I was about 12 or 13, scanning the FM band on a Walkman that my friend had accidentally left in the back seat of our minivan. The little radio didn’t have a very strong receiver, but it managed to pull in a station I hadn’t listened to before, and that station played the dirtiest song that I had ever heard: Jet’s “Cold Hard Bitch.”
Admittedly, it was a censored version, but the song smacked me right between the ears. It was unrepentantly offensive, dirty, and loud. I felt a tangible illicit pleasure hearing it while my parents were in the front seat. They had no idea what I was listening to—none at all! And for the first time in my life, I was sure that if they did know, I would be told to turn it off immediately.
Rock and roll is supposed to be rebellious. It’s Elvis’ hips, it’s the Beatles’ haircuts, it’s Johnny Rotten. Every fan, even the youngest, understands this. And every fan feels the need, in their own way, to participate in that rebellion. I think that’s why the Jet song hit me so hard: listening to it was the first rock-and-roll thing I’ve ever done.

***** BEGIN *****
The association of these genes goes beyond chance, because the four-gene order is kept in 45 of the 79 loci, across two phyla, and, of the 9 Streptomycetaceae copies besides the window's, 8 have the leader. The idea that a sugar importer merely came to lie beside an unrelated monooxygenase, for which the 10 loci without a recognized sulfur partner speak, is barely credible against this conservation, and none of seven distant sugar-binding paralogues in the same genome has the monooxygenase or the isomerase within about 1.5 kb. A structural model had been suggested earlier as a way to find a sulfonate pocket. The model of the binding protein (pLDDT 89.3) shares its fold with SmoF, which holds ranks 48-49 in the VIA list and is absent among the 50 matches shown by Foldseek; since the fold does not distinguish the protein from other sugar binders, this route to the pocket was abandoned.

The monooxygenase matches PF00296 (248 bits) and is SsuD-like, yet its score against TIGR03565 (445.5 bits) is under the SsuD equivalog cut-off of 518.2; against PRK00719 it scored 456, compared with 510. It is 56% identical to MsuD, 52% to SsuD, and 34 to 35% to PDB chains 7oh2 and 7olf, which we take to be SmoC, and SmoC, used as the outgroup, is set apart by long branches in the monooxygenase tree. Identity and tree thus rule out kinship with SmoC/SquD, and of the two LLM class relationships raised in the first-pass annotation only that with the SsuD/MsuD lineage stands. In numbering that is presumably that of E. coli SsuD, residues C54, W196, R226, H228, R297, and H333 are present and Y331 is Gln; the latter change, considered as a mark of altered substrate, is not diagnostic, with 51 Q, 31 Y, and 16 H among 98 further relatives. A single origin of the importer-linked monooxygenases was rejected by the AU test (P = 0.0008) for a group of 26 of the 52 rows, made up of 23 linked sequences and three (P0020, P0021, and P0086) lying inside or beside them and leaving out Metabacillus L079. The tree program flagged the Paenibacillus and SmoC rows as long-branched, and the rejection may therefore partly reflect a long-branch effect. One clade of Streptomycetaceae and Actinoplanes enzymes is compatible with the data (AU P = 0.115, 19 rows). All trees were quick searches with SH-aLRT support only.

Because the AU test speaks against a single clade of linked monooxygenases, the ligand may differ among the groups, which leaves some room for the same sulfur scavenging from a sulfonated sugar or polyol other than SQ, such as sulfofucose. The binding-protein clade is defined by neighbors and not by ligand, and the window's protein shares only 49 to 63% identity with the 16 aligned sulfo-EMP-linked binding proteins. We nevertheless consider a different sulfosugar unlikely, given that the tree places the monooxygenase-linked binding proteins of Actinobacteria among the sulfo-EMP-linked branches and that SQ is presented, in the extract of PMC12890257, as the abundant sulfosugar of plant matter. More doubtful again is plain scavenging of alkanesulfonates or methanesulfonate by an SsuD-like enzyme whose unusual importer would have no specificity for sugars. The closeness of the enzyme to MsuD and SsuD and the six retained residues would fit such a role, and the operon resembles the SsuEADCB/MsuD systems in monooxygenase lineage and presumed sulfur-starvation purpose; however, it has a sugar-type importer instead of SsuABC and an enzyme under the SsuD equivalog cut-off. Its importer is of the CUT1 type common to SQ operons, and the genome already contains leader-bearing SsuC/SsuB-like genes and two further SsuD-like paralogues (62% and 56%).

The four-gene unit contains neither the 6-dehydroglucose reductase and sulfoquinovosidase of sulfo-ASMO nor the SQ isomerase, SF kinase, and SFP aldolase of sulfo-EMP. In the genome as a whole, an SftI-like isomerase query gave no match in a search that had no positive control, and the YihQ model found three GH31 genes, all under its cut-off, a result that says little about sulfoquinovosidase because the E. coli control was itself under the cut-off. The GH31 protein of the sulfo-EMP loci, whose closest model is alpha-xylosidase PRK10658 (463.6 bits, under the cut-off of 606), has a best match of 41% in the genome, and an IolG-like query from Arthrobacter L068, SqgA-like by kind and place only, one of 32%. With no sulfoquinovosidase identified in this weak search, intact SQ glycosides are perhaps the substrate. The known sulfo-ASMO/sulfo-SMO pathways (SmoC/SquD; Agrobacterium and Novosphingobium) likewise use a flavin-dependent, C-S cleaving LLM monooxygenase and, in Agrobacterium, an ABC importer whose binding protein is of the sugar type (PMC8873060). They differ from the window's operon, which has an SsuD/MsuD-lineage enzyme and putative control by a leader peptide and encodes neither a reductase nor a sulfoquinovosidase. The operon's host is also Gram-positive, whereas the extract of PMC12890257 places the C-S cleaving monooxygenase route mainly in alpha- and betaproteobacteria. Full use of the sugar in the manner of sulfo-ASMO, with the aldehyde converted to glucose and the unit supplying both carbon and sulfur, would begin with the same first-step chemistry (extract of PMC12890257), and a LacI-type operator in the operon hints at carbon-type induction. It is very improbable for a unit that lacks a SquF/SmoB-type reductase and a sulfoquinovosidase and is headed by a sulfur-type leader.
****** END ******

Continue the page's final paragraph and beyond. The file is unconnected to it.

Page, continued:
Musically, it’s pretty derivative: AC/DC swagger, offensive lyrics à la the Rolling Stones, overdriven guitars, breakdowns, etc. Jet’s adherence to tradition ultimately hampered them; their brand of rock revivalism barely outlasted the first decade of the new millennium. Most people have probably already forgotten them.
But the song sticks with me. There’s a whiff of ozone as the first guitar chord crunches to life, and the stretched-out opening “yeah” is just about as elemental as it gets. That shout is the sound of joy, really—the cathartic pleasure of having drums and bass and guitars rumbling and cresting behind you. For me, that song was my own first yell: a declaration that I was an independent entity, free to listen to whatever I wanted, whenever I wanted. But of course I didn’t make a sound from the back seat. I couldn’t blow my cover.
A version of this piece first appeared on the blog Vintage Voltage.